University of Cambridge > Talks.cam > Cancer Research UK Cambridge Institute (CRUK CI) Seminars in Cancer > Probing the rate limitation of a cancer driver mutation

Probing the rate limitation of a cancer driver mutation

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Csilla Kongsaysak-Lengyel1, Verena Körber2, Thorsten Feyerabend1, Thomas Höfer2 and Hans-Reimer Rodewald1.

1Division of Cellular Immunology, 2Division of Theoretical Systems Biology, German Cancer Research Center, D-69120 Heidelberg.

Cell competition between ‘young’ bone marrow-derived, and ‘old’ thymus-resident progenitors is a tumor suppressor mechanism in the thymus, preventing the development of T-cell acute lymphoblastic leukemia (T-ALL). Disruption of new influx of progenitors into the thymus provides a unique and robust system to unravel cellular and molecular events along the transition from normal T cell development to full blown T-ALLs, closely resembling the human disease. Because this model is independent of a priori introduced oncogenes, it makes the ‘natural emergence’ of clones and mutations kinetically accessible. Mutations in Notch1 are very prevalent in human T-ALLs. Notch1 gain-of-function mutations are most frequently frameshift mutations in the last Notch1 coding exon, leading via pre-mature stop codons to loss of the PEST domain and subsequent Notch protein stabilization. Csilla Kongsaysak-Lengyel and Thorsten Feyerabend generated a mutant mouse (Notch1Fsd) where these frameshift mutations are disabled to generate early stops. If driver mutations in Notch1 were rate-limiting for tumorigenesis, then Notch1Fsd mice should develop fewer tumors than control mice. Instead, Notch1Fsd mice develop tumors with the same incidence and kinetics, making use of alternative Notch1 mutations (direct stops) that are usually seen less frequently in control T-ALL. This implies that this DNA -mutation type, which is highly characteristic for this tumor, is not rate-limiting, since the cancer cells have an abundance of mutations to select from. Based on these leukemia experiments Verena Körber and Thomas Höfer modelled the impact of stem cell output on the risk of acquiring oncogenic drivers. Too high stem cell activity raises the probability of driver occurrence in stem cells whereas too low stem cell output fails to adequately renew progenitor clones and, hence, allows drivers to persist in progenitors. In line with this theoretical prediction, abrogating the renewal of T cell progenitors from hematopoietic stem cells in autonomous thymi causes multiple pre-leukemic clones to arise in the progenitors within weeks. Through subsequent rapid ‘tunneling’ of one or several further drivers, which are no longer rate-limiting (such as Notch frameshifts), a leukemic clone becomes selected. Our findings show how stem cell output and altered dwell times of progenitors shape oncogene activation and cancer development, and provide an experimental and theoretical framework to deconvolve the unfolding of this leukemia over time at high molecular and cellular resolution.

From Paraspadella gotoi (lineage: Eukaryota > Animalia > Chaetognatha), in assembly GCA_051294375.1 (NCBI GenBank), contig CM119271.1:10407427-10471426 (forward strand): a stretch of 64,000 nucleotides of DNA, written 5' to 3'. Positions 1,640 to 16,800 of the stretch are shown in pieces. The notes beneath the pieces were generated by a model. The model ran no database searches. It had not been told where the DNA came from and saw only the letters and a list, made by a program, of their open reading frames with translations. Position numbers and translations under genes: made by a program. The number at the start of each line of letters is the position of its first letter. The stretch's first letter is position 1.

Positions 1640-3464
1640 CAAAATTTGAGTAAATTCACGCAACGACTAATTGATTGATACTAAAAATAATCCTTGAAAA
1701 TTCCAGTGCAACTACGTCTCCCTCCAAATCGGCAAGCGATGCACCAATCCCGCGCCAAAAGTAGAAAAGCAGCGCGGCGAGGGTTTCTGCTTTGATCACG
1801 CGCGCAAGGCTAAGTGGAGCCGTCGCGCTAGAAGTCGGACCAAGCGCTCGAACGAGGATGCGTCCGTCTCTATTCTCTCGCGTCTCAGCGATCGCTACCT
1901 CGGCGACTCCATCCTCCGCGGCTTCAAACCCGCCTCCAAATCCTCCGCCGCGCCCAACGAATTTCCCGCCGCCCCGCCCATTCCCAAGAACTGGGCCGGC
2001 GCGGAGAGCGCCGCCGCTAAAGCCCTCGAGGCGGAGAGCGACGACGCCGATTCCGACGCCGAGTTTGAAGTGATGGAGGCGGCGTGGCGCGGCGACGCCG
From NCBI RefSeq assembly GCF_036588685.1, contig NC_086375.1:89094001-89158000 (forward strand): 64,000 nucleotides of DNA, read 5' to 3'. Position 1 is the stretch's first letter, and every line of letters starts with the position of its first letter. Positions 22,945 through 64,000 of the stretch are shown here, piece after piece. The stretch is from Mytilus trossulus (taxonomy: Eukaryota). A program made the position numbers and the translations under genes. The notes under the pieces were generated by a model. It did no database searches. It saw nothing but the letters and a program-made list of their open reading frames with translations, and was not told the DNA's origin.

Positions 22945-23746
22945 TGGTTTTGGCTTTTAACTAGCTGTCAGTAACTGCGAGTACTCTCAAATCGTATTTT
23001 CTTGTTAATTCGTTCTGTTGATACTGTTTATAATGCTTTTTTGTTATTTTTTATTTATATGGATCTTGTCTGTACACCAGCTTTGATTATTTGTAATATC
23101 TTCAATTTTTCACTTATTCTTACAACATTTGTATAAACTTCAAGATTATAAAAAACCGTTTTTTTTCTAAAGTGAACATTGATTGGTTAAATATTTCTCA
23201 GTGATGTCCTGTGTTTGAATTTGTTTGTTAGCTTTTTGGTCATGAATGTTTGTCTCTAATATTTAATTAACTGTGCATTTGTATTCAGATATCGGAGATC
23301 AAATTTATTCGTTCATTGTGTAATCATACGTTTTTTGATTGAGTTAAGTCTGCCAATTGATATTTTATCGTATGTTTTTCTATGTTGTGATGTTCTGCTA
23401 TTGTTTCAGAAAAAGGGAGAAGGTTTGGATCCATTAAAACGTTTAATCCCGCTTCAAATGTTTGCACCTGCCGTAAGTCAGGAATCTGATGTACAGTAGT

This talk is part of the Cancer Research UK Cambridge Institute (CRUK CI) Seminars in Cancer series.

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